It turns out that "bowerbird" is really the first name of "bowerbird intelligentleman". He has used this as his professional name since at least the late eighties. The name is written with lowercase letters in the manner of e e cummings, and Mr. intelligentleman, as the New York Times might refer to him, is a performance poet, among other things. In fact, he claims to have started performance poetry as an art form in 1987, and was an early promoter of "poetry jams". In a charming, self-deprecating bio (PDF), he writes "bowerbird is also one of the world's worst poetry producers" and describes how his forays into computer typesetting of poetry magazines led him into the world of electronic publishing and ebooks. He was very active on the Project Gutenberg volunteer discussion list, where his talent for provocation prompted Marcello Parathoner to cathartically excerpt a collection of his postings. Much of his energy in the ebook arena was spent promoting his ideas about "Zen Markup Language" (z.m.l.) whose philosophy can be summed up as "the best mark-up is no mark-up". The short line endings in bowerbird's post appear to be his insistence on using z.m.l. for his posts. Or perhaps they're performance poetry. It's a cute idea, but personally, I find that the formatting makes the posts hard to read in their context.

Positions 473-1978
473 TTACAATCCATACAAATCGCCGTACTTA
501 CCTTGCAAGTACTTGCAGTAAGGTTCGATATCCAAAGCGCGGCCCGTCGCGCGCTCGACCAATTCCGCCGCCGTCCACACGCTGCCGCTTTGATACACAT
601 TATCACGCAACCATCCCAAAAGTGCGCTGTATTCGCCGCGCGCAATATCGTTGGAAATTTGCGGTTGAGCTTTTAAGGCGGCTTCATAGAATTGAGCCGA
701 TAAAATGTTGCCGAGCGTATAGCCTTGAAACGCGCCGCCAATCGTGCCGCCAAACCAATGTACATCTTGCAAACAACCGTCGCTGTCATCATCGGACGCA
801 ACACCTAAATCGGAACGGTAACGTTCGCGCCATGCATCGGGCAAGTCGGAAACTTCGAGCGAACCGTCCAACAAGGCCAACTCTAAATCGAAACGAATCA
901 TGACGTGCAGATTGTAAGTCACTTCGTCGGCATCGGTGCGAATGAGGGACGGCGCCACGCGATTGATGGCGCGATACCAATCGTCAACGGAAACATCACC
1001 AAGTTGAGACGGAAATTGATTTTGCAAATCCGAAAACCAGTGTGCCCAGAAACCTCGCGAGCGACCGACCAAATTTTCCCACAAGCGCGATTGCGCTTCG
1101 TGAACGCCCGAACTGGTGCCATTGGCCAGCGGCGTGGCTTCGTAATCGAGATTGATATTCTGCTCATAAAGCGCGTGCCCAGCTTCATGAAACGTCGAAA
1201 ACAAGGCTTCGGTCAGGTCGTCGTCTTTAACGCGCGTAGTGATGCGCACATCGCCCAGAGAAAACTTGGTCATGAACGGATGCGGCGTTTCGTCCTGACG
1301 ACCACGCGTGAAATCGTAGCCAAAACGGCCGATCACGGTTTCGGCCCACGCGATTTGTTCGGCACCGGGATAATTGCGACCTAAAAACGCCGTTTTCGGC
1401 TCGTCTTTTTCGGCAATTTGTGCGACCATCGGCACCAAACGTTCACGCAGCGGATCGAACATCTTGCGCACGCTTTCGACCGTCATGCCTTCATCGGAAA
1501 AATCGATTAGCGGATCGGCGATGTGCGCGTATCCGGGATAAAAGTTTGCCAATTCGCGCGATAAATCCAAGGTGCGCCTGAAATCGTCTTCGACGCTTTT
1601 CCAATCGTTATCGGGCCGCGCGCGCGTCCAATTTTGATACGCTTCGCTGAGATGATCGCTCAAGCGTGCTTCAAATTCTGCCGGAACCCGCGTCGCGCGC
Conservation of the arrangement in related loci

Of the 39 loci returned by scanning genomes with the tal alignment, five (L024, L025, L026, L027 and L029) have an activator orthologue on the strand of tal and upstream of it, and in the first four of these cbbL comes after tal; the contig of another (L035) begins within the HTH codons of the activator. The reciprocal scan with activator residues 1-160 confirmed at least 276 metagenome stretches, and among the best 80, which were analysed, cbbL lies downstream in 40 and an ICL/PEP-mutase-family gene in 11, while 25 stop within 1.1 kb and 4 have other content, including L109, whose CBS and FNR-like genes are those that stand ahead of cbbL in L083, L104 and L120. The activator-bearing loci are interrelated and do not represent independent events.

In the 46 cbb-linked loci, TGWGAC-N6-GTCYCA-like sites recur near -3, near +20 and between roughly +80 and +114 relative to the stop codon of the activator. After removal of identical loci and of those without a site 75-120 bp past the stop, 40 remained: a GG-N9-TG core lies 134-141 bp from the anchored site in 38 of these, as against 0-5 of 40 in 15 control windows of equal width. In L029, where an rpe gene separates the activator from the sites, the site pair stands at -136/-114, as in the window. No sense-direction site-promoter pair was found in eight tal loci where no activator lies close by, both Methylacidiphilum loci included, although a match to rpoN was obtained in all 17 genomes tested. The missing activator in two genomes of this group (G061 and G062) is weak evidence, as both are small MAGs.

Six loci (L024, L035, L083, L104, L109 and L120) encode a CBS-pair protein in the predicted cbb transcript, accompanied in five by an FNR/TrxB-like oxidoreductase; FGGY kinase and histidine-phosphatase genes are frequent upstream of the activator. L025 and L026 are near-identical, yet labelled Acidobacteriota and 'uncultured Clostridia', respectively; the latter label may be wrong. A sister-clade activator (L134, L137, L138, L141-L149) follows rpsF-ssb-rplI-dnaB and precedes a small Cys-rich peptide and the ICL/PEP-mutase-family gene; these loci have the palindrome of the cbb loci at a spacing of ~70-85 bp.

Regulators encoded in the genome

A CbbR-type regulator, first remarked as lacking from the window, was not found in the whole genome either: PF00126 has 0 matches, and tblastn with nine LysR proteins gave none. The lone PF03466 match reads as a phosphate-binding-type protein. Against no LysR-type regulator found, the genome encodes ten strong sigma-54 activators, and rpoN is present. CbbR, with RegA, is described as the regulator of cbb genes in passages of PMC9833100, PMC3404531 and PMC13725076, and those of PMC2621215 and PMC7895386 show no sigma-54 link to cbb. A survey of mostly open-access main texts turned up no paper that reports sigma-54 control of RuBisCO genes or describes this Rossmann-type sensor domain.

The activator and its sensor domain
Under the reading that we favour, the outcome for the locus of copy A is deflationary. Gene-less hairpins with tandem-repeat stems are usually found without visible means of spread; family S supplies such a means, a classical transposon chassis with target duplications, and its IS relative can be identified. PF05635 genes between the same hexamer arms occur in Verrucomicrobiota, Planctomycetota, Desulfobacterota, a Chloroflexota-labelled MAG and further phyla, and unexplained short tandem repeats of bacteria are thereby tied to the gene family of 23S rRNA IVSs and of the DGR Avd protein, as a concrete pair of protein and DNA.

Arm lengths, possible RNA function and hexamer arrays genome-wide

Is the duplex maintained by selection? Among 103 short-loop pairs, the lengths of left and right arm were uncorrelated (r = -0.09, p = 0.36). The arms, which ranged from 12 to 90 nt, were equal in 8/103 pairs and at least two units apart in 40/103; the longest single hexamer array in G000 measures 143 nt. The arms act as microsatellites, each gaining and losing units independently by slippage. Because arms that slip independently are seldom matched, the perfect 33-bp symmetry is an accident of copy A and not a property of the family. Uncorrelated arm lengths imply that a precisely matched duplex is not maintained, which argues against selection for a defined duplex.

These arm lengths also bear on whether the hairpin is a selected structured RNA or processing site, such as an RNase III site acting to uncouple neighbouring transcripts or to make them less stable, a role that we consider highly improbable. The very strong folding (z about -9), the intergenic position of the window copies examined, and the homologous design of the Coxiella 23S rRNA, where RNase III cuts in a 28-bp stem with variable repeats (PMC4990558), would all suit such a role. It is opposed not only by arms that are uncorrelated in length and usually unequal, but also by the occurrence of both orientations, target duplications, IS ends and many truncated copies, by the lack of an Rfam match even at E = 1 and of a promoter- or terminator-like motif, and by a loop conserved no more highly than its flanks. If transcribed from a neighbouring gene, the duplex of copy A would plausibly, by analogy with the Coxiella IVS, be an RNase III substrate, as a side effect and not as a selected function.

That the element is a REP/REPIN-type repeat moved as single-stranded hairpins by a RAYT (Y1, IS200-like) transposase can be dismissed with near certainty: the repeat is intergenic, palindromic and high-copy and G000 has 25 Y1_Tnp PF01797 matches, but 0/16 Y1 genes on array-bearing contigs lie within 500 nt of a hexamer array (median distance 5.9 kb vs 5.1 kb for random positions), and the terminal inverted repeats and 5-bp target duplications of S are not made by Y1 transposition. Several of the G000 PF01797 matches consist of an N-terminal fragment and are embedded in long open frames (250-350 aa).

When bowerbird posted his comment, he left digital footprints. He visited the blog on a link from LanguageLog. He lives in the Los Angeles area (he's posted elsewhere that he can be found in Santa Monica), uses Verizon DSL, and uses version 4.0 of Safari on the Mac as his browser. The blog uses statcounter.com to monitor usage, so a cookie has been placed in his browser so I can tell if he returns for a visit; bowerbird is able to control these cookies using privacy controls in Safari. DSL lines use a pool of IP addresses, so although I know the IP address he used, I can't use that IP address to persistently track him. However, StatCounter can follow him to other sites that use StatCounter. In principle, StatCounter could report his interest in my blog to other sites and perhaps even connect him to other identities he might have, which would bother me a lot and prompt me to stop using StatCounter.